I took a few pictures and checked them to see if there was anything aggravating the whale. There was a whale in the vicinity a few months ago that repetitively breached and when I checked the pictures it had a three strand line coming out of its mouth somehow. However with this one I could find anything wrong other than a few fresh looking wounds on the underside of its pectoral fin. I havn’t gotten to the bottom of what the wounds may be but I will keep looking into the mystery wounds until I find out. 

  The whale season is definitely in full swing up here in Alaska and I hope the numbers we are seeing mean good things for this next Hawaii humpback season.

Friday, August 5, 2016

Nighttime View at Stave Island, VT

in the failing light
Shooting star and the Milky Way over the Main House
I am a firm believer that with all of the technology out there that many people never get outside after dark to experience a different side of the world around them. With electricity, tv, and internet all around it is easy to stay indoors and miss out on things like shooting stars, constellations, and feeling comfortable in darkness. But luckily this same advanced technology that keeps many indoors, also gives us the power to capture the night in photos like never before. Far away from the big cities, on moonless nights, photographers armed with long exposure capable cameras and a bit of patience see what the night really has to offer. Sometimes it will surprise you with its beauty.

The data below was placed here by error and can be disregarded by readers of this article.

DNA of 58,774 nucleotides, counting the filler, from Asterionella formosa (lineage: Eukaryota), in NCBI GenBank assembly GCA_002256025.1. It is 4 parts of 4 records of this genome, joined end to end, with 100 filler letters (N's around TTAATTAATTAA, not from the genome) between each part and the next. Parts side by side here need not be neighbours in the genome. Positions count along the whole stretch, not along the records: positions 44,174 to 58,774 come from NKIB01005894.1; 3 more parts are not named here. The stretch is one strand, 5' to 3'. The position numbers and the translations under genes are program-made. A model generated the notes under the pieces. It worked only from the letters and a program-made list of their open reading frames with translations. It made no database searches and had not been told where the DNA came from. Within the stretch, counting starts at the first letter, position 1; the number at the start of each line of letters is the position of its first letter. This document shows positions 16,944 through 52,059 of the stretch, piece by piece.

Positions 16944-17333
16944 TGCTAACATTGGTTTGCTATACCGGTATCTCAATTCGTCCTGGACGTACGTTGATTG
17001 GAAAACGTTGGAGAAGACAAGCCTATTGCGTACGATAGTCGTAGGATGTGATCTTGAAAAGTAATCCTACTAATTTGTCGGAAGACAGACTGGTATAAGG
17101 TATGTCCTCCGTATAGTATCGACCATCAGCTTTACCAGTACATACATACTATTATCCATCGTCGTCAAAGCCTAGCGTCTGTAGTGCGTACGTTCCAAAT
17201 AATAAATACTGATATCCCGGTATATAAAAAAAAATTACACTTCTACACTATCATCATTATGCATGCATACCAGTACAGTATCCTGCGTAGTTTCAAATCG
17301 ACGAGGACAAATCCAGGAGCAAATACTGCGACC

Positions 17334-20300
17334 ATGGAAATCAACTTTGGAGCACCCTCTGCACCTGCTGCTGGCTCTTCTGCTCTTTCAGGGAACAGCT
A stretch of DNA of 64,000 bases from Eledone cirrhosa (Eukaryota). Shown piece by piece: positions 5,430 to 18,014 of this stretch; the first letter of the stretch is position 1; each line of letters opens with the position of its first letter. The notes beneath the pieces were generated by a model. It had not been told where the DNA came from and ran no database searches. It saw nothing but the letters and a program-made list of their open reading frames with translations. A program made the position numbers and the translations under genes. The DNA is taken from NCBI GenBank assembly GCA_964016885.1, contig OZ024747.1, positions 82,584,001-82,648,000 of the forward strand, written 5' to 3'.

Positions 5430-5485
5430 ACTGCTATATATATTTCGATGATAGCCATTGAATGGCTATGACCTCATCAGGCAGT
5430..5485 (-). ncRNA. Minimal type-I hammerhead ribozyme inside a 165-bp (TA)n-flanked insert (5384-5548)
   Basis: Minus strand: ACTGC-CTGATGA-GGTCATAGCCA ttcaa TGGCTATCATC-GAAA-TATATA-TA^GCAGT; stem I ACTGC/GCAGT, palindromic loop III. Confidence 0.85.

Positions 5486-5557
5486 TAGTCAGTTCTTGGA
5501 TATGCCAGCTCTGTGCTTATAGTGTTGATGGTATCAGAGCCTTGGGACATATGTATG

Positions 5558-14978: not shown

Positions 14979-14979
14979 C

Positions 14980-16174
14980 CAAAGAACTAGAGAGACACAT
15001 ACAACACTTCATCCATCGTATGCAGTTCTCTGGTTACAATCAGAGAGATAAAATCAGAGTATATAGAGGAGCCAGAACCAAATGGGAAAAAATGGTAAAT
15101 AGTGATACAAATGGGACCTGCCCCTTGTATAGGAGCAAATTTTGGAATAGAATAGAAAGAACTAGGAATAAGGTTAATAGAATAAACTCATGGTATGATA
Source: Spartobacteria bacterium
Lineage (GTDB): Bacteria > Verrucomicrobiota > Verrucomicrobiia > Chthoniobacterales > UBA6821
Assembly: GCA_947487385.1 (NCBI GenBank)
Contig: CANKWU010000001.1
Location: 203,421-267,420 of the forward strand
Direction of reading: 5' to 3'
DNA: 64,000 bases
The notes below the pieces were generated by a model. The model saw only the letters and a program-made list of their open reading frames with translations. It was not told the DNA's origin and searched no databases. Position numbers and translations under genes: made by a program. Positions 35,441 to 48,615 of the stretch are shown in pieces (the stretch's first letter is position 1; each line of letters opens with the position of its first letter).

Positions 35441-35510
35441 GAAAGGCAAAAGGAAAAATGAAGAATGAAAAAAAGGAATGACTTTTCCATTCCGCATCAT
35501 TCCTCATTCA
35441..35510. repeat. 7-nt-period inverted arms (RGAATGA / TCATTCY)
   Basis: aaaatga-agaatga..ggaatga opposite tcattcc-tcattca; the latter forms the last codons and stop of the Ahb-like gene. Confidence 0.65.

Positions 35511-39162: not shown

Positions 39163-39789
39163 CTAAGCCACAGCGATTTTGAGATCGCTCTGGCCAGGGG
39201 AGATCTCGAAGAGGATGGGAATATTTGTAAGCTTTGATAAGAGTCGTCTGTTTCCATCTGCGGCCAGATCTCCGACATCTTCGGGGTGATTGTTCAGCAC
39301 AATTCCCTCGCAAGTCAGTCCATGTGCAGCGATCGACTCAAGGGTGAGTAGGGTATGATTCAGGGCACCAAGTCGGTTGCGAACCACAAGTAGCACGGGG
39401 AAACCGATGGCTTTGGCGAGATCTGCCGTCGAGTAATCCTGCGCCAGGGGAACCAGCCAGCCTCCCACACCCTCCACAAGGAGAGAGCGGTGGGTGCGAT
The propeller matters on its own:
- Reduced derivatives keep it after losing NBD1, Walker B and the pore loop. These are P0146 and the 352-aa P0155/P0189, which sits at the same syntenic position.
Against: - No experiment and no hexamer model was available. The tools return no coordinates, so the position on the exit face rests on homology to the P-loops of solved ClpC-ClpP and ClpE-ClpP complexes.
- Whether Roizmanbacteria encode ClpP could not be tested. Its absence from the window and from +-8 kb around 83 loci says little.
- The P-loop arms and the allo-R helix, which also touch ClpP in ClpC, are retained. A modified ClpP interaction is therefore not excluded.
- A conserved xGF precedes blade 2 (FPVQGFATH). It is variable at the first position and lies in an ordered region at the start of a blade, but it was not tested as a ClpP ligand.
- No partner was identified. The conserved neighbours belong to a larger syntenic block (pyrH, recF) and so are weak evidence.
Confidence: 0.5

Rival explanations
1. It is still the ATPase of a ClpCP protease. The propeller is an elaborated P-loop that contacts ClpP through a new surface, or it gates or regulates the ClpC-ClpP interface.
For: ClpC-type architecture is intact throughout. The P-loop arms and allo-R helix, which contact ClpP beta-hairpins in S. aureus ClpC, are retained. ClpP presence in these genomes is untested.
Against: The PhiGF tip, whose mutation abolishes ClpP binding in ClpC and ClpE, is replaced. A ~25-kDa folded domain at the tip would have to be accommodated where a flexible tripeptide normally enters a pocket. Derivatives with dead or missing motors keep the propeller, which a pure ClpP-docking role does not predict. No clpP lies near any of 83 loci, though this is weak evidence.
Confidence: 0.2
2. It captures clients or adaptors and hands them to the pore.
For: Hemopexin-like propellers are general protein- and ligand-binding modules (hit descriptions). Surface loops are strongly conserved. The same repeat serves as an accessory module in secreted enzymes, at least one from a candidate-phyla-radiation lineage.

Looking up the Lookout Tower
Kid's Cottage at Night
   I spent the last two nights on a quiet island in the middle of Lake Champlain named Stave Island. I noticed the stars coming into focus and even the milky way making an appearance. So after everyone said their goodnights I grabbed my camera and slipped out to quietly see what I could capture. Using a 30second shutter speed and a 3200 iso I was able to capture different scenes from around the island. Looking up the lookout tower, the milky way cascading into the main house, vestiges of yellow and gold lights over the lake, and even a shooting star announcing the coming of the famous Persied Meteor Shower were some of the scenes that I could have just as easily slept through. It makes you wonder what you might be missing out there right now... 
View off the dock at 11:30pm
Milky Way and wispy streaks

Monday, August 1, 2016

Lava Entering the Ocean, Hawaii

Lava flowing from Kilauea Volcano
Pele Battles the Sea
  It has been three years since lava has flowed into the ocean on the south shore of the Big Island. Kilauea Volcano has been active this entire time, and even came close to destroying the town of Puna. I always keep a close eye on the flow at the US Geological Survey website here: http://hvo.wr.usgs.gov/activity/kilaueastatus.php. This gives you daily updates on the crater lakes at the summit and the outbreaks of lava like the one entering the ocean right now. There are several families who run hiking tours out to see the lava, as well as some boat companies that will go in for great photo opportunities. Be prepared to use some long exposure to get good nighttime pictures. This natural phenomena is one of the coolest spectacles on earth.

Stars over the lava lake at Volcanoes National Park, Hawaii